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134

Sector 5. New Caledonia

whole E side of New Caledonia (outside the reefs), and its influence is most felt at a distance from the shore. After several days continuance of a fresh SE wind, the strength of this cur- rent is considerably increased. With the wind at N or NW, the force of the current is diminished, or a countercurrent is estab- lished between Iles Loyaute and New Caledonia, running SE, and some days elapse after the cessation of the N wind before the normal NW current reappears.

5.1

The other branch of the great current passes to the S of Ile des

Pins (Kunie), turns to the W and the WSW, and is deflected to the S before reaching Australia. The W side of New Caledonia is somewhat protected causing weak eddies, which are variable both in force and direction, and are present dependent on the wind and the action of one of the currents which pass the island. The velocity of the tidal currents in Canal de la Havannah and

5.1

Passe de la Sarcelle is high, and the S subtropical current im- pinging on this area renders the currents in these passages the strongest and most irregular in the vicinity of New Caledonia. The S branch of the S subtropical current, after passing S of

5.1

Ile des Pins, is further deflected by the great S projection of the barrier reef, the S limit of which lies more than 35 miles S of the S extremity of New Caledonia.

5.1

Pilotage.—Pilotage is compulsory for the following vessels

within the waters of New Caledonia. 1. All foreign vessels regardless of their length. 2. All French vessels more than 60m in length.

French warships are exempt, as well as pleasure craft less than 60m in length.

5.1 5.1

Masters of pleasure craft less than 60m in length are advised

to consider engaging the services of a pilot if unfamiliar with the area.

Regulations.—Vessels arriving from an area infested by rhinoceros beetles are subject to quarantine inspection. The local authorities should be contacted in advance of arrival for details and requirements. Vessels carrying hydrocarbons are subject to special regulations. See Pub. 120, Sailing Directions (Planning Guide) Pacific Ocean and Southeast Asia for details. Trawling and dredging are prohibited in a 13,000 square

5.1 5.1

mile restriction zone located SE of the S end of New Cale- donia. This special protection zone is bounded by a line joining the following positions: a. 23°15.0'S, 167°00.0'E. b. 23°15.0'S, 169°00.0'E. c. 25°30.0'S, 169°00.0'E. d. 25°30.0'S, 167°00.0'E.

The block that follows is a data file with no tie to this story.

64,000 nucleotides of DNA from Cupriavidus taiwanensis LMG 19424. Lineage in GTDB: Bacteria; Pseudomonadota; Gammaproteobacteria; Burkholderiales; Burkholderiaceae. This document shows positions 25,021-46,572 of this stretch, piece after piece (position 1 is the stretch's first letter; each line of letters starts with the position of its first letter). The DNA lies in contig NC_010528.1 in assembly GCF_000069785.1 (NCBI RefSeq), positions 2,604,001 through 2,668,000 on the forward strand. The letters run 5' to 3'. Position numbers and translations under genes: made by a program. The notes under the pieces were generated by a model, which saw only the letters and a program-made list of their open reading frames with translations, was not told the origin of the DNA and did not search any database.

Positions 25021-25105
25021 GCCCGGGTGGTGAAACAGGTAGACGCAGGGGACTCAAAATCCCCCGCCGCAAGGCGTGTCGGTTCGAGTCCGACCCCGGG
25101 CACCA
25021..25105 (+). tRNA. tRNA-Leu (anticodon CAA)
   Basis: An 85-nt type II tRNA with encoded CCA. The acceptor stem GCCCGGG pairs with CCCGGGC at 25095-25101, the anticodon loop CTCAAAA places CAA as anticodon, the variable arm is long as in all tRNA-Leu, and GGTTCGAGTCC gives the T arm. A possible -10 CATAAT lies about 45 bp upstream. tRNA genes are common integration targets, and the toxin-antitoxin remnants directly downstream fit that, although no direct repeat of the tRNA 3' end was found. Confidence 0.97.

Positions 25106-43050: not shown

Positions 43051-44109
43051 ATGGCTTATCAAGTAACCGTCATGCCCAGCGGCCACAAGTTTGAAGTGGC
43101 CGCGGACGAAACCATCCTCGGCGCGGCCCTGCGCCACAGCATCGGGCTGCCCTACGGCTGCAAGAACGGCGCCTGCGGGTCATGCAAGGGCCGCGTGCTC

5.1

Caution.—Reports indicate that the set and drift of currents

in the vicinity of the barrier reef surrounding New Caledonia are unpredictable. Extreme caution should be used in nav- igating these waters, particularly in an area defined by the fol- lowing limits: 1. A line extended first in a 180° direction from the E

side of Passe de Boulari (Bulari Pass) for a distance of 35 miles; 2. then to position 23°30'00''S, 167°00'00''E. 3. then to position 23°15'00''S, 167°30'00''E. 4. then to position 22°56'18''S, 167°45'00''E. 5. A line extending to the E side of Ile des Pins.

5.1

The area between these limits and the barrier reef is ren-

dered extremely hazardous by unpredictable currents, and no vessel should enter it except in emergency.

Pub. 126

5.3 Ile Matthew (Matthew Island) (22°21'S., 171°21'E.)

is small in extent and consists of two parts joined by a low isthmus. The E part rises to a cone, 134m high, and the W part has the greater elevation of about 177m. On the S slopes of the W part of the island is a defined crater, from which sulphurous fumes were observed.

5.3

The shores of the island are free from known dangers except

to the N and the SE. There are shoals extending outward from these areas for several hundred meters. The area around Ile Matthew has been reported to be volcanically active. Light green patches caused by rust colored water upwelling and dispersing have been observed in the vicinity of the island. An area of dis- colored water, which was reported to be volcanically active, was reported to lie 9 miles W of the island.

5.1

The area between the barrier reef and the mainland has not

been closely sounded; therefore, vessels should navigate with caution.

5.1

Rocky patches, covered by depths of about 7.3m, can be seen

at a distance of 1 mile from an elevation of 24 to 30m; when close, the bottom can be seen in at least 18.3m. When there are passing clouds, the effect of light and shade on the water may be taken for the indication of a shoal, but the change of form and movement of a mere shade will soon become apparent. To have the sun ahead and at an altitude of less than 65° is one of the worst circumstances attending navigation within the reefs. When navigating within the reefs without a trustworthy pilot

5.1

or in unsettled weather, it will be prudent to make sure of reaching a convenient anchorage before nightfall or to stand out to sea through one of the passages during daylight. Though many vessels have anchored between the barrier reef

5.1

and the island without accident, it must be considered a dan- gerous thing to do, not only because of the risks normally in- herent in taking anchorage on rocky bottom, but because of the likelihood of sudden changes in winds and weather.